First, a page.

And I ask again, is the Conservative party to produce a Manifesto for England? If you don’t it is clear your party is not serious about justice for England. It is not enough to mention that ‘English Votes’ has been in the UK manifesto before – fat lot of use that has been in the past. People don’t believe Fake Earnest about his EU referendum promise, why should we believe him about justice for England, he has made many anti-English statements in the past; it’s only in his recent panic that he even mentions England. And let’s not get too carried away with ‘English Votes’. That is not the solution, only a true English parliament with directly elected MPs will do.

    What England needs is a new Cromwell, someone who will rid England of the corruption and anti-Englishness of the British political and Unionist Establishment which holds our nation back. There will never be a renaissance in England until we are free.

    And, by the way, how long will Fake Earnest last as leader? And who will be the next to ‘jump ship’? Daniel Hannan? It’s getting a bit critical for you, methinks.

    Reply As I have told you we are looking at a Plan B to vote on english votes even if Lib Dems prevent a government motion. If there is a way to do it – and we think there probably is – we will do it.

  6. Peter Stroud
    Posted September 28, 2014 at 7:58 am | Permalink

    I see that Sir William Cash has written to William Hague, suggesting standing order 39 could be amended to stop Scots MPs voting on purely English matters. JR, perhaps you might like to comment on this.

    Reply It follows on from my lobbying of the government and my proposal that we amend SOs. Bill and I work together on this.

  7. Liz
    Posted September 28, 2014 at 8:00 am | Permalink

    Ed Milliband wants to make the main plank of Labour’s electoral pitch – the “NHS” but what he really means of course is “NHS England” as health is devolved to Scotland and Wales and Westminster has no say there. If he won the election with a small majority he could only push through changes to NHS England with the use of Scottish and Welsh MPs. No wonder he will not answer the question on whether he thinks that English laws should only be voted on by English MPs. Useful ammunition for the Conservatives in their arguments for English votes for English laws

  8. Ex-expat Colin
    Posted September 28, 2014 at 8:09 am | Permalink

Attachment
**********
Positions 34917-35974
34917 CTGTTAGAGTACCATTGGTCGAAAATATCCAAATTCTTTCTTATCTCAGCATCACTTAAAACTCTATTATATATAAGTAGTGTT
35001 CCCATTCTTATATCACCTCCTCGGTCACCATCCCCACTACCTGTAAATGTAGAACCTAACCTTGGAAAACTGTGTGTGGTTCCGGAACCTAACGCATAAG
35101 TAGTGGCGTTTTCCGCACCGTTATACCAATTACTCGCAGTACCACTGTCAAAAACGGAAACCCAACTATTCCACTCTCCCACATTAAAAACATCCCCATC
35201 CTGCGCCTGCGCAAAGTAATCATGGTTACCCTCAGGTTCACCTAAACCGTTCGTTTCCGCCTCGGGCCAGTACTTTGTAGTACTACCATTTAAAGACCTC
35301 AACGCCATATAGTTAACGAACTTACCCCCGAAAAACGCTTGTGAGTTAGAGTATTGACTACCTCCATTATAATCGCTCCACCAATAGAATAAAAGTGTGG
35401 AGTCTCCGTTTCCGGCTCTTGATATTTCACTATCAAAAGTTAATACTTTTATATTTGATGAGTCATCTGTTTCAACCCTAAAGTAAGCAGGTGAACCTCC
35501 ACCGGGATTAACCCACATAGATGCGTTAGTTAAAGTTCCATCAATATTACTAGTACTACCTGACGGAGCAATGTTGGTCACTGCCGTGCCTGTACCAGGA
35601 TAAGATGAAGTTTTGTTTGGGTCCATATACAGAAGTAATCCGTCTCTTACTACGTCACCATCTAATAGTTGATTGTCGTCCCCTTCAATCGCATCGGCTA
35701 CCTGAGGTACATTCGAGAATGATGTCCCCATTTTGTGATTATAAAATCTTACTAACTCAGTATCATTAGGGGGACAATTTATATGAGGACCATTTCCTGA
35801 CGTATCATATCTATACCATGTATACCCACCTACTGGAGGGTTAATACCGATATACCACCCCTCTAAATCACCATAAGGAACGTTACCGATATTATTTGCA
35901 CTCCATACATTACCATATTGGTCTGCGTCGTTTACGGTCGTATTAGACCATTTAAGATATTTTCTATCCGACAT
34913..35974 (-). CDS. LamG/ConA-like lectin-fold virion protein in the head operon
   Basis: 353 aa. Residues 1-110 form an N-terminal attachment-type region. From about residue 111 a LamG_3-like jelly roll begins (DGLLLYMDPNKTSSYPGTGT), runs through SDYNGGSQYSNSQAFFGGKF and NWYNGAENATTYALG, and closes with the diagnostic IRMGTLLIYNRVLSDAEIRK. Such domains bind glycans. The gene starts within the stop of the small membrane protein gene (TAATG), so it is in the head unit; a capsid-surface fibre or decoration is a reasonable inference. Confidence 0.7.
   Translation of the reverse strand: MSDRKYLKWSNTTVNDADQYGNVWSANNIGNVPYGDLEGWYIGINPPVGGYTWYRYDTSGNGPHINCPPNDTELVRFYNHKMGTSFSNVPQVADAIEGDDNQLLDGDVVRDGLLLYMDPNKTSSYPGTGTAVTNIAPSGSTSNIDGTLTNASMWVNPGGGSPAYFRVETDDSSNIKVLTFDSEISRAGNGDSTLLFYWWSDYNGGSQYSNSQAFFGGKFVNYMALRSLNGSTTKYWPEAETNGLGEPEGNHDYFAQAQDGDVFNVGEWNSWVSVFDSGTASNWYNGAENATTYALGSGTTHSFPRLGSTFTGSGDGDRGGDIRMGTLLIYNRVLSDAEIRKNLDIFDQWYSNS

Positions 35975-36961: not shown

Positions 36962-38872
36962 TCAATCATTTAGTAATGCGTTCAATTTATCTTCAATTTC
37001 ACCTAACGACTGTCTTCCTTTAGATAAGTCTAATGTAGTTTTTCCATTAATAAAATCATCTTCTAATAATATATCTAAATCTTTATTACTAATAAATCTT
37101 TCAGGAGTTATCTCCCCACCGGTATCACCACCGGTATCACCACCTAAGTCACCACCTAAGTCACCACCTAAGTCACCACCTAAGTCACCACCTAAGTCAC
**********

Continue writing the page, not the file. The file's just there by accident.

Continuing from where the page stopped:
9. eeyore
    Posted September 28, 2014 at 8:11 am | Permalink

    Sounds like solid progress to me, Mr Redwood. You have broad agreement in principle, a track to move forward on, and a Plan B forming if Plan A hits the buffers. What more could one want at this stage?

    I do feel the hot breath of Mr Miliband on my neck, though:

    ” … as one who fears a frightful Fiend
    Doth close behind him tread.”

    We now know, because he has told us, that his whole duty to God and man consists of getting into power; governing well and wisely is far from his thoughts. If he wins next year’s election – the odds are with him – any settlement not already nailed down hard will be junked and England balkanised in the narrow interests of his party. So time, as the lawyers say, is of the essence.

  10. Richard1
    Posted September 28, 2014 at 8:47 am | Permalink

    The left wil probably try to get votes for 16 year olds into any package agreed, as they think children are more likely to vote for statist parties since they don’t pay tax. The Conservative response should no to this and in any event such a change should only be implemented after referendum approval in the whole of the UK. Indeed if the LibDems look like they will try to deny justice to England, an England only referendum like the 1997 referendum in Scotland would be a good Conservative policy. This is an issue on which the Conservatives will very easily be outflanked by UKIP unless they are very clear with the left in demanding Justice for England.

    • David Price
      Posted September 29, 2014 at 6:31 am | Permalink

      Who knows what the real UKIP policy is on English Parliament. In their 2010 manifesto they want to retain national assemblies but replace MSPs etc with Westminster MPs, so they are clearly statist.

      Neither is it clear what the real UKIP policy is on referendums, it does seem to vary. On the one hand they espouse direct democracy with referendums callable by 5% of the electorate (2010 manifesto). On the other they have declared that if they hold the balance of power they will force repeal of the 1972 act and not hold a referendum on leaving the EU (UKIP conference, 26th September 2014).

      UKIP willingness to uphold the democratic process does appear to be a bit variable. So while they rant about how dare the Conservatives appease the Libdems they would be quite happy to exploit the same circumstances themselves and deny the electorate a democratic say.

      UKIP amateurism is a camouflage used by Farage and the rest of the UKIP politicos to mask the fact that they are not a breath of fresh air and no different for the liblabcon tribes.

      UKIP claimed to be the true conservatives and unionists but now push for envy taxes on items they deem luxuries and suggest Scotland should be kicked out of the UK. Essentiually they will say and do anything to get elected, so no different from any other political party really. And don’t forget the taxpayer funded junkets to Brussels for the UKIP faithful.

  11. The PrangWizard
    Posted September 28, 2014 at 8:58 am | Permalink

    So, Cameron has said the ‘last thing England needs’ is it’s own separate parliament. He has also said that Scotland will get exactly what it wants even if the English don’t get a just solution. We know now what will happen. England will be stitched up again by the treacherous Unionists.